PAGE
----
Erin Holliday is a familiar name around Garland County. As executive director of Arkansans for the Arts, executive director of Emergent Arts and the District 1 city director, Holliday brings with her a unique perspective to the city board, as her life experiences prepared her for serving downtown Hot Springs.
After taking the initial appointment of District 1 in May 2019, Holliday won reelection in November to continue to make waves in the community.
A Lakeside alumnus, Holliday's parents owned rental properties in the Park Avenue and Whittington Avenue areas. While spending much of her youth in the area, Holliday knew that if she were to make Hot Springs her permanent residence, downtown would be the place she called home.
"I do remember when I was younger, when someone would move out, we would come on this side of town and I just loved the little old houses," she said. "I don't know if it was the architecture or the feel of the neighborhood. I remember really being drawn to this part of town and when I was in high school, my friend and I would spend a lot of time downtown either sitting at the Hill Wheatley fountain or we actually had a space downtown for about eight months called the Citizen Youth Action Coalition and we would have punk rock shows, vegan cooking nights, animé movie night and it was a bunch of teenagers who had our own little community center. ... It was just kind of my place to be social. I wasn't into sports. I wasn't a cheerleader so my weekends weren't spent at games or anything. We were either downtown or at Kimery skate park."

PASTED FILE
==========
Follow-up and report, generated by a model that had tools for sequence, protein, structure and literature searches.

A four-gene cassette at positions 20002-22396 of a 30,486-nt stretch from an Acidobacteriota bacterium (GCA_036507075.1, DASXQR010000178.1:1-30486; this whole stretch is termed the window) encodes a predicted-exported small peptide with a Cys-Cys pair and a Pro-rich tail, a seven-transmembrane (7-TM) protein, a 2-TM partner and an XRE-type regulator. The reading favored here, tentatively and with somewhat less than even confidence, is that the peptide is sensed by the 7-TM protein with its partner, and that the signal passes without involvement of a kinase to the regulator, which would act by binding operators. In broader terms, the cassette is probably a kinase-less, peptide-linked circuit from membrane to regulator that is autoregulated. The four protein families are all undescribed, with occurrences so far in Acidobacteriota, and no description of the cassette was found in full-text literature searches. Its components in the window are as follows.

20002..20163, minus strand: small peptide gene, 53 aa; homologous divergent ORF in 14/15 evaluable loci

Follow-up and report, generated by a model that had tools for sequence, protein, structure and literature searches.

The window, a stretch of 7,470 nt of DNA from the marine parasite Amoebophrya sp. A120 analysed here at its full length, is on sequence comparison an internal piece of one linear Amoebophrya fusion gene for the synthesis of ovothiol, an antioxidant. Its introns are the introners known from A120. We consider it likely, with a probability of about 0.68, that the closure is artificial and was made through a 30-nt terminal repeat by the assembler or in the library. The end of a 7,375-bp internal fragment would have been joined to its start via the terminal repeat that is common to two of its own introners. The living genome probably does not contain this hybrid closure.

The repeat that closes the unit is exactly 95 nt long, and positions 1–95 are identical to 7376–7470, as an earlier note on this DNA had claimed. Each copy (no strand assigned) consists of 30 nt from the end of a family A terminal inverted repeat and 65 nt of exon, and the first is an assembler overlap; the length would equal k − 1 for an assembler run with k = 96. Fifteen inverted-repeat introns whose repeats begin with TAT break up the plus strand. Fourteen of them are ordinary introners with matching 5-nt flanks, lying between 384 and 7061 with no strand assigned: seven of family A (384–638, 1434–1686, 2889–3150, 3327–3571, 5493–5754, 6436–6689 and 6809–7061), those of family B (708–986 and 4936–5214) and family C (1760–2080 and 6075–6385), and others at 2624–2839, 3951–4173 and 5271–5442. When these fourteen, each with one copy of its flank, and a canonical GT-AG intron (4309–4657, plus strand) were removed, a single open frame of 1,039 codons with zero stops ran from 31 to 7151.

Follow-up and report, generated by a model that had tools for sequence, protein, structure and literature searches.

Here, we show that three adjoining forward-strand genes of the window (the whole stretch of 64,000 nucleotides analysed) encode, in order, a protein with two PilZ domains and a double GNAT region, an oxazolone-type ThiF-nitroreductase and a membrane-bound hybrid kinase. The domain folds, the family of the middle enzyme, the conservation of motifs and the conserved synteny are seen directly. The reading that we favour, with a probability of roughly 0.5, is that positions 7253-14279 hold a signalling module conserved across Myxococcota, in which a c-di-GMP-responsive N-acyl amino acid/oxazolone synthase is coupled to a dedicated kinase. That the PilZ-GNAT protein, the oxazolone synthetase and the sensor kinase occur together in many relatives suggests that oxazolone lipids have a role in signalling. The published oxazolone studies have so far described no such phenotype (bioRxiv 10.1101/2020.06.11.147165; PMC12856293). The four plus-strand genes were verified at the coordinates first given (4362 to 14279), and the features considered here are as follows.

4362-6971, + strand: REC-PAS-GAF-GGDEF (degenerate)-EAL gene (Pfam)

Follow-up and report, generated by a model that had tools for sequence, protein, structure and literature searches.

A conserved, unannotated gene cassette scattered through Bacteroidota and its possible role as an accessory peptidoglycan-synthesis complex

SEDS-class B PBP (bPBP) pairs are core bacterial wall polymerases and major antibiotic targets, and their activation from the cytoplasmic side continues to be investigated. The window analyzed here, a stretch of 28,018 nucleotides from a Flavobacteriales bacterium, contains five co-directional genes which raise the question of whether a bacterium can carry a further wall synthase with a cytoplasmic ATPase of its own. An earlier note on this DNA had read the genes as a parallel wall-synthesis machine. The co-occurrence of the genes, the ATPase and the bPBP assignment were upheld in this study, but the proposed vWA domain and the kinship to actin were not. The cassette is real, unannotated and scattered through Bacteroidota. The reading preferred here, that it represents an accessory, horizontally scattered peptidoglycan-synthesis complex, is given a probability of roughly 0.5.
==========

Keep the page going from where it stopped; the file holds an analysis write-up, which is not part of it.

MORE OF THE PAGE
Kansas City, Mo., was the next stop for Holliday. With the idea of majoring in painting at Kansas City Art Institute, her plans were rerouted as she realized her interest was in sculpture.
"That's what I've always done -- is to build," she said. "Even though I loved painting and drawing, what I end up doing in my own time actually has to do with working with my hands three-dimensionally or building. That actually goes back to the rental properties. ... Someone moved out and as a kid, painting walls, filling holes and fixing decks, I was learning these power tools in high school so by the time I got to college, I was able to jump in and learn more. Have a little bit of a foundation in working with 3D materials and power tools."
A career in arts and education awaited Holliday after her time at the institute. She taught preschool for one year and at a commercial art gallery where she did art installation, art consulting and sales. Holliday's nonprofit career was set in motion when she joined a community art gallery that was a part of a Latino arts and culture center.
"They were part of a social service nonprofit that reached out to a Latino community in Kansas City so we had a gallery and an after-school art program," she said. "I got to contribute to their grant writing and their marketing ... I ended up moving to a historic neighborhood in Kansas City and ended up joining the board of that neighborhood association and doing all of their grant writing and starting community development."
After moving back to Hot Springs in 2010, Emergent Arts became a part of Holliday's life two years later, yet it wasn't the Emergent Arts of today. According to its website, its mission is to "foster creativity among emerging artists of all ages and abilities in Garland County and surrounding communities." With Holliday lining up at the position of volunteer executive director, the organization secured a grant that allowed them to start to build from the ground up.
By 2013, Emergent Arts found a home at Dryden Pottery, where it has remained, and Holliday covers a plethora of duties around the nonprofit including programming, fundraising, grant writing and working hand in hand with the board, opening the pathway to the city board.